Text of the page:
Matthew Bourne: Play Without Words

Posted: August 10th, 2012 | Author: | Filed under: Performance | Tags: , , , , , , , | Comments Off on Matthew Bourne: Play Without Words

Matthew Bourne’s Play Without Words, Sadler’s Wells July 31

 Anabel Kutay and Richard Winsor in Play Without Words (photo: Alastair Muir)

Anabel Kutay and Richard Winsor in Play Without Words (photo: Alastair Muir)

Being an avid film buff, Bourne took his inspiration for Play Without Words from a 1963 Joseph Losey film, The Servant (based on Robin Maugham’s novel of the same name), starring Dirk Bogarde as the manservant, Barrett; a young James Fox as the wealthy Peter; Wendy Craig as his fiancée, Susan; and Sarah Miles as the maid, Vera. It is a tightly structured drama with a screenplay by Harold Pinter that takes place almost entirely within Peter’s Chelsea house that is transformed in the course of the action from a damp shell into a comfortable home as Peter is transformed from its comfortable master into a decadent shell. It is a study of class barriers raped, values turned upside down and trust betrayed.

Bourne enters this territory like Barrett in the film: he knows what he wants, slowly assimilates the material and moulds it in his own image. For a start he changes the names: Barrett becomes Prentice, Peter becomes Anthony, Susan becomes Glenda and Vera becomes Sheila, but since this is a play without words, the names are not as important as the costumes (by Lez Brotherston) for identification purposes. There is however one interesting addition to the cast, the man called Speight (Jonathan Ollivier). He is listed in the program as ‘an old friend’, though whose friend is not clear. He doesn’t have a corresponding role in the film, but his function in Play Without Words appears to provide the emotional ballast (strong and assured, controlling, self-confident and charismatic) that Bourne does not invest in either Anthony or Prentice. As such Speight appears to be the one fleshed-out­ — if amoral — character in the play.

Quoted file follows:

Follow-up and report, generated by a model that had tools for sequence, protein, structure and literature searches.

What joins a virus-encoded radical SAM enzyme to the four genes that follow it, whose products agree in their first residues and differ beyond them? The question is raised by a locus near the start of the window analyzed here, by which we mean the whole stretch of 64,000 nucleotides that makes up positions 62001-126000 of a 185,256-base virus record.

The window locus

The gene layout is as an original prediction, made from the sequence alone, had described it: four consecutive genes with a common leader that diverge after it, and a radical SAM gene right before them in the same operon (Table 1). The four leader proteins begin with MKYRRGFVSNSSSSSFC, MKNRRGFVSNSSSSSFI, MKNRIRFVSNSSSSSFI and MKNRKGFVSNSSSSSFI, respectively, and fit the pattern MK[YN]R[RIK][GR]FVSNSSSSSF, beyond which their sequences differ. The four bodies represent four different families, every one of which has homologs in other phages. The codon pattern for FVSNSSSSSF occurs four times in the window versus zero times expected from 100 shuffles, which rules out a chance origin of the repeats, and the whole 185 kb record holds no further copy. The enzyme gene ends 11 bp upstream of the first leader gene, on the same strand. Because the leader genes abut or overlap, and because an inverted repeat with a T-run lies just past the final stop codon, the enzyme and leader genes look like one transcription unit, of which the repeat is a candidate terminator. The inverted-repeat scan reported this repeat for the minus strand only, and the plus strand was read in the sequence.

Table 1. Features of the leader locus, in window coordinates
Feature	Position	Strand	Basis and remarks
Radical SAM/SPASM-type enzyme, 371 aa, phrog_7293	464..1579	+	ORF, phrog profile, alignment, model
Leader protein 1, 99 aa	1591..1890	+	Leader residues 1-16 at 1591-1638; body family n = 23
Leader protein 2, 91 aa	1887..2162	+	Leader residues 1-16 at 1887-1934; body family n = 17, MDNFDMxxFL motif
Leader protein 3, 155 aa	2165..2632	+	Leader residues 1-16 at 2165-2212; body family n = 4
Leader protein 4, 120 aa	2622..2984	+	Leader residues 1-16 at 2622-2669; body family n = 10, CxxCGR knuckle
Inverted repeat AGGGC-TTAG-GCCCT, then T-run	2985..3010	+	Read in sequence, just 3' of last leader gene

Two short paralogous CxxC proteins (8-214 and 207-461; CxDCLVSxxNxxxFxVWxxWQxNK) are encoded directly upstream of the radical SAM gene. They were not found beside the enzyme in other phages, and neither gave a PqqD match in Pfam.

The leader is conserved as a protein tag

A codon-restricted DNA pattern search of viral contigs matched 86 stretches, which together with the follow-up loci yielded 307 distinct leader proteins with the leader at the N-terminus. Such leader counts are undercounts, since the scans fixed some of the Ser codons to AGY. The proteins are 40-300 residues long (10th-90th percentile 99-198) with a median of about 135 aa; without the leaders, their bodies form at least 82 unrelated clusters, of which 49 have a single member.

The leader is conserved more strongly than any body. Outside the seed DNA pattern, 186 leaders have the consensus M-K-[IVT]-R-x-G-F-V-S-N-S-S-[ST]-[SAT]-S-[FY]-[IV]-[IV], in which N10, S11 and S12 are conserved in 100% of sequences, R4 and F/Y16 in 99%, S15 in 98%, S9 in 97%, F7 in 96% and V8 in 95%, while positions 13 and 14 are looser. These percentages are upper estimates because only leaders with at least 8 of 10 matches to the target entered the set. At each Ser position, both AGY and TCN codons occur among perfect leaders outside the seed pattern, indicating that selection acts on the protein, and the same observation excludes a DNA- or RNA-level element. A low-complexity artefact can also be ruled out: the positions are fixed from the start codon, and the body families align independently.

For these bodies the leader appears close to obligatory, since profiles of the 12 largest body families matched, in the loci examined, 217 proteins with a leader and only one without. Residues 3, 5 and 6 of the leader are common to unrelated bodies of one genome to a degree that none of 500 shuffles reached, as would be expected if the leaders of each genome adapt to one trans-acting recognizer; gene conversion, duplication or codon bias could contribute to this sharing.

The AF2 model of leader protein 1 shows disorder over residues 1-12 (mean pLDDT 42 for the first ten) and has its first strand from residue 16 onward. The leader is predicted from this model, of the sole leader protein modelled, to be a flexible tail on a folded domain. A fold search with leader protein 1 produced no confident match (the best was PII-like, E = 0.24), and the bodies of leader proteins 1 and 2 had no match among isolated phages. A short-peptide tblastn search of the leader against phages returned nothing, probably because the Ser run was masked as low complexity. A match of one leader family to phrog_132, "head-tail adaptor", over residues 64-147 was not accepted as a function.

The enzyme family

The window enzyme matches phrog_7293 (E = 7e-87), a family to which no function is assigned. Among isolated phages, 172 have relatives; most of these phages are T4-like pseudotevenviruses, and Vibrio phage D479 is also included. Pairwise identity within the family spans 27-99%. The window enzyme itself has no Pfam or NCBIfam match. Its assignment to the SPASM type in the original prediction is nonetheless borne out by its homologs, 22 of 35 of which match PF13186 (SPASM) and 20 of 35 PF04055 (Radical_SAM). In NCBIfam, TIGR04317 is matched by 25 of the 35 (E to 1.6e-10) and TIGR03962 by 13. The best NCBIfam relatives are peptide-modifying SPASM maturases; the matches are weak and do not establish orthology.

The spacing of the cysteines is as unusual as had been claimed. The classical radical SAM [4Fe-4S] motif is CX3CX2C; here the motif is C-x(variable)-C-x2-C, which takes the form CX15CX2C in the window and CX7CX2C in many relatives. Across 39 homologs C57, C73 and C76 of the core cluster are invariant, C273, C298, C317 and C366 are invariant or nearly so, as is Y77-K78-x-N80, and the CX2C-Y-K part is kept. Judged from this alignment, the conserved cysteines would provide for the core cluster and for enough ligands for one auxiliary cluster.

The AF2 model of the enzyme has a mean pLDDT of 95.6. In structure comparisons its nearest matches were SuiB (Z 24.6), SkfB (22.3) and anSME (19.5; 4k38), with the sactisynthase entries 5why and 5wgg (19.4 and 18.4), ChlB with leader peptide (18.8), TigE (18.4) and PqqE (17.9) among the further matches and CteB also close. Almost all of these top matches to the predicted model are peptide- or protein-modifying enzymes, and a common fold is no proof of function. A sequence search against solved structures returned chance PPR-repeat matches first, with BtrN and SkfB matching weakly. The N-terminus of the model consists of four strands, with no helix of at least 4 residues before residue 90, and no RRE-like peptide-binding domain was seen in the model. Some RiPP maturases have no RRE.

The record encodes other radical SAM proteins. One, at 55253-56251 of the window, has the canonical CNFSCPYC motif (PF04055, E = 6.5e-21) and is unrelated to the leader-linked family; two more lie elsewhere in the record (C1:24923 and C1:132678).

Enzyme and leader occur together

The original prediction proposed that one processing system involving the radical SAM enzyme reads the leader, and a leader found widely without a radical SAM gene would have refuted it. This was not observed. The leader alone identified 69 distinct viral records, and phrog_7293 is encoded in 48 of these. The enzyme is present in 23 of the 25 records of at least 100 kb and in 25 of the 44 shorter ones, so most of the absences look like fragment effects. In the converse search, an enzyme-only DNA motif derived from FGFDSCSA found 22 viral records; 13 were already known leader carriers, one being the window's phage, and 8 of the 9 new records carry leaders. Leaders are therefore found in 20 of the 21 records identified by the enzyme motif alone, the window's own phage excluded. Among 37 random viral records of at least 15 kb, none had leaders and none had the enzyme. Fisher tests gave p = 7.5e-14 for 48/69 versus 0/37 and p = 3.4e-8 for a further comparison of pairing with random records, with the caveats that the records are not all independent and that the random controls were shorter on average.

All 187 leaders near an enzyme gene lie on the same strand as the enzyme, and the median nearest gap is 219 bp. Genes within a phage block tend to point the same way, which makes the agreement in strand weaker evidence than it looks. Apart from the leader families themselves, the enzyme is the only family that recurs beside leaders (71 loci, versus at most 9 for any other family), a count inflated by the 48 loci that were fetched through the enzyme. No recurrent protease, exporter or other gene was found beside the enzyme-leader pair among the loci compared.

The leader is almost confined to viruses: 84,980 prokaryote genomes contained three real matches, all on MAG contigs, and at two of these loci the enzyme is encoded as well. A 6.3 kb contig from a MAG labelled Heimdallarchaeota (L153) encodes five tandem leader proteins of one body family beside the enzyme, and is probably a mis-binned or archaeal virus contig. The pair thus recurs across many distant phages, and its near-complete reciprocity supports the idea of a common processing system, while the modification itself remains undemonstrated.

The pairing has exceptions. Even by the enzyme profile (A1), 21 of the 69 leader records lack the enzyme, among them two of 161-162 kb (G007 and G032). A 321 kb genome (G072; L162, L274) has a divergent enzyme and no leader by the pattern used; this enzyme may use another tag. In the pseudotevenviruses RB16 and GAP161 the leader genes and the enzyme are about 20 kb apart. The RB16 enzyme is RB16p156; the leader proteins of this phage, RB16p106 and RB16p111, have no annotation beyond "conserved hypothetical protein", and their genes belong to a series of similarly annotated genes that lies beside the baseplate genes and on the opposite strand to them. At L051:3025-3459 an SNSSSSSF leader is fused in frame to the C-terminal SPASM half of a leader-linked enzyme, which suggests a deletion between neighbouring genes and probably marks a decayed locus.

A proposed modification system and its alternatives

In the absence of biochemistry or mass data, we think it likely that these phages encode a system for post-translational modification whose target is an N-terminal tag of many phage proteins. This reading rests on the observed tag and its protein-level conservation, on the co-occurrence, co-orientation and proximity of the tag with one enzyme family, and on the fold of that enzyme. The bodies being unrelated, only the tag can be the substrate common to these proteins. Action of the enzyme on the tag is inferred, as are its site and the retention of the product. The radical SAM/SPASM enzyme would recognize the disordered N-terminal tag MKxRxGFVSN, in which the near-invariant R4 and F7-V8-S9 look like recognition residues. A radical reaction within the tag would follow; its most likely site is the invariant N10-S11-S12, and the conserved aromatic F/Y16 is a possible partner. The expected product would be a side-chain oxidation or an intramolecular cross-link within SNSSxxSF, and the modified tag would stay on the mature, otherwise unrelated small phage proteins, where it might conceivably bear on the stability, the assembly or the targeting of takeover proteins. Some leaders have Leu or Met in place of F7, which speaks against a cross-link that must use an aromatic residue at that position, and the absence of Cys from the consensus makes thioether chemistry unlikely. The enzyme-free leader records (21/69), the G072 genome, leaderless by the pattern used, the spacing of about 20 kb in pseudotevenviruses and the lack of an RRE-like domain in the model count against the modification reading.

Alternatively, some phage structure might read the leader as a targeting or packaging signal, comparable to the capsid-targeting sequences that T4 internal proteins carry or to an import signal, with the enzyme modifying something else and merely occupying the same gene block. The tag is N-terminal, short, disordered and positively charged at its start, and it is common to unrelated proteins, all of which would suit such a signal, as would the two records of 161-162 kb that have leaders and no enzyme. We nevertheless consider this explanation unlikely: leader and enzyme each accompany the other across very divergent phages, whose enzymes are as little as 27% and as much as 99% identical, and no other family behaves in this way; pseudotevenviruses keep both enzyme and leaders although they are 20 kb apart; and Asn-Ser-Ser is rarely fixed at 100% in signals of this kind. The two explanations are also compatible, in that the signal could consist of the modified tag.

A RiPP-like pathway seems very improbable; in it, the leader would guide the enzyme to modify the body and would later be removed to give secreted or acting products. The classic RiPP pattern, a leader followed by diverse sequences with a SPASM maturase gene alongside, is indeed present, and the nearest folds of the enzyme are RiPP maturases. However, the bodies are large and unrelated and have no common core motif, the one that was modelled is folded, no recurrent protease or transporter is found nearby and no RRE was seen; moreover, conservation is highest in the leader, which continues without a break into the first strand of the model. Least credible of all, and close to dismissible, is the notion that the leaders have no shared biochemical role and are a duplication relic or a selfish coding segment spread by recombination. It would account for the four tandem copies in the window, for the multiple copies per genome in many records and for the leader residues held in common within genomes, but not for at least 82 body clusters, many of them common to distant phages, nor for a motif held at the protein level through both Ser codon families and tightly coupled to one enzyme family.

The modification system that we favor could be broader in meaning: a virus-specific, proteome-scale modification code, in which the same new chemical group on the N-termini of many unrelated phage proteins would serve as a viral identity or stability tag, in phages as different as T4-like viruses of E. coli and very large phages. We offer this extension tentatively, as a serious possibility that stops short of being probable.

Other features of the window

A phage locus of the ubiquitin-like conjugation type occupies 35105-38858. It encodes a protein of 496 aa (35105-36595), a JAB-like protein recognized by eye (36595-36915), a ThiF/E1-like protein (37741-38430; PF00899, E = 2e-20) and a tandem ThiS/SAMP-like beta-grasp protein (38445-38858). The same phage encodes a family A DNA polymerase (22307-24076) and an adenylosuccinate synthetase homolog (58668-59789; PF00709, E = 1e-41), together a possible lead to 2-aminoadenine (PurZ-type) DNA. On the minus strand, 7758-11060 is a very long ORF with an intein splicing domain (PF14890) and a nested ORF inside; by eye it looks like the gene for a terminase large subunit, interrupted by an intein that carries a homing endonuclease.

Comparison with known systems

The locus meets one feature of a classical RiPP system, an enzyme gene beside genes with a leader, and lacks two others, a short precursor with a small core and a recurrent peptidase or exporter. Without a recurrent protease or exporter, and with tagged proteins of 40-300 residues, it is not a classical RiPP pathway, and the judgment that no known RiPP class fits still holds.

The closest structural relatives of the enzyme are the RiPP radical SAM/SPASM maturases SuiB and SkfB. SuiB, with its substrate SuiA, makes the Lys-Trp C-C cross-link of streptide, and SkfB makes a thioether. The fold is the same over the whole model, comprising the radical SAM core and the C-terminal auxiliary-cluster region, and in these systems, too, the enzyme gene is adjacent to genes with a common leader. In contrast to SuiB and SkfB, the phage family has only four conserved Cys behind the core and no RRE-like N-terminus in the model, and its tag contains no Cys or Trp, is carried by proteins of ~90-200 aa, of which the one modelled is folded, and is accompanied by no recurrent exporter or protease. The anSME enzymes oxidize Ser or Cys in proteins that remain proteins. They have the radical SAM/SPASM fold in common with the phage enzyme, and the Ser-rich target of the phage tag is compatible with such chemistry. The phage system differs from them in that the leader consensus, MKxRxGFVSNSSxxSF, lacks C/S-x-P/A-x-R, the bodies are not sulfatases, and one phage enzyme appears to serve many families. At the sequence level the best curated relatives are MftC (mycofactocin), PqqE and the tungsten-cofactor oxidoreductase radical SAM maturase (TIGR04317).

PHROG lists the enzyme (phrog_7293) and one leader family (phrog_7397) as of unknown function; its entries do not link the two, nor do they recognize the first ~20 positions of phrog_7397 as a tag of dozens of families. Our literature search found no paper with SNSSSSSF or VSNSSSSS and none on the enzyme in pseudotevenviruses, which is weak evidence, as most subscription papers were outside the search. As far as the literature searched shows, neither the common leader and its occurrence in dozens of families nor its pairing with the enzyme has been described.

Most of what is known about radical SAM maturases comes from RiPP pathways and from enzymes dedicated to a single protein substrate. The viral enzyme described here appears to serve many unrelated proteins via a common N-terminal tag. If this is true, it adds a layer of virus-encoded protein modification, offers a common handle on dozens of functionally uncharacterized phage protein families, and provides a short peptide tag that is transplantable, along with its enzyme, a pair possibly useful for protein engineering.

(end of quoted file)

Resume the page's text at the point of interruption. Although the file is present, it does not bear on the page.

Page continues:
Bourne’s characters tend to be rather one-dimensional, bordering on caricature. That is part of his style. Losey’s Peter is a well-to-do, emotionally insecure apprentice of the old-boy network. Bourne’s Anthony by comparison is an emasculated character in nerdy glasses for whom we have no sense of past or present. The other characters, apart from Speight, are similarly insubstantial. Thus Bourne’s device of creating the four principal characters in triplicate multiplies but does not necessarily clarify or deepen them. Bourne had already tried this idea effectively with two groups of characters in the Brief Encounter section of Town & Country, where the only variation was in the conclusion, but with four characters multiplied by three facets, in constant but irregular orbit like thought bubbles in a comic strip, the problem is not only clarity but where to look. Nevertheless, it makes Play Without Words, choreographically, the most interesting work of Bourne’s I have seen. The first act, especially, has an integrity of its own. With the second act the thread begins to unravel and move off in other directions before it arrives at its conclusion.

Brotherston’s set looks like an illustrated London pop-up book that has not quite unfolded: squinty street perspectives with sixties’ iconic landmarks, including the Post-Office Tower and Centrepoint (plus Big Ben for good measure) rising above the horizon, three telephone boxes standing at rakish angles, a bus coming up the hill towards us, and two billboards, one for beer, the other for cigarettes. The landscape is more North London than Chelsea, but a street sign in the foreground reads Beaufort Street: at the heart of London’s swinging sixties. There are several stage levels accessed by curving staircases linked to Brotherston’s centerpiece, a revolving, see-through entrance unit that serves, among other things, as the front door to Anthony’s newly-acquired home. In front of this entrance, on the inside of the house, is a leather armchair partially covered in a white dust sheet. To the side of the stage, outside the house, is a café with more chairs and tables under covers. This functional setting, admirably lit by Paule Constable, thus seamlessly links inside, outside, upstairs, downstairs, down the road, and in the pub, keeping the various locations effectively in one place, as if we are watching a film being made on a Shepperton studio set. In terms of the play, the set effectively removes Pinter’s claustrophobic sense of space and allows Bourne to develop his own, lighter treatment of the story. The music is a jazz score by Terry Davies played with smoky intensity by Michael Haslam, Sarah Homer, Mark White, Steve Rossell and Justin Woodward.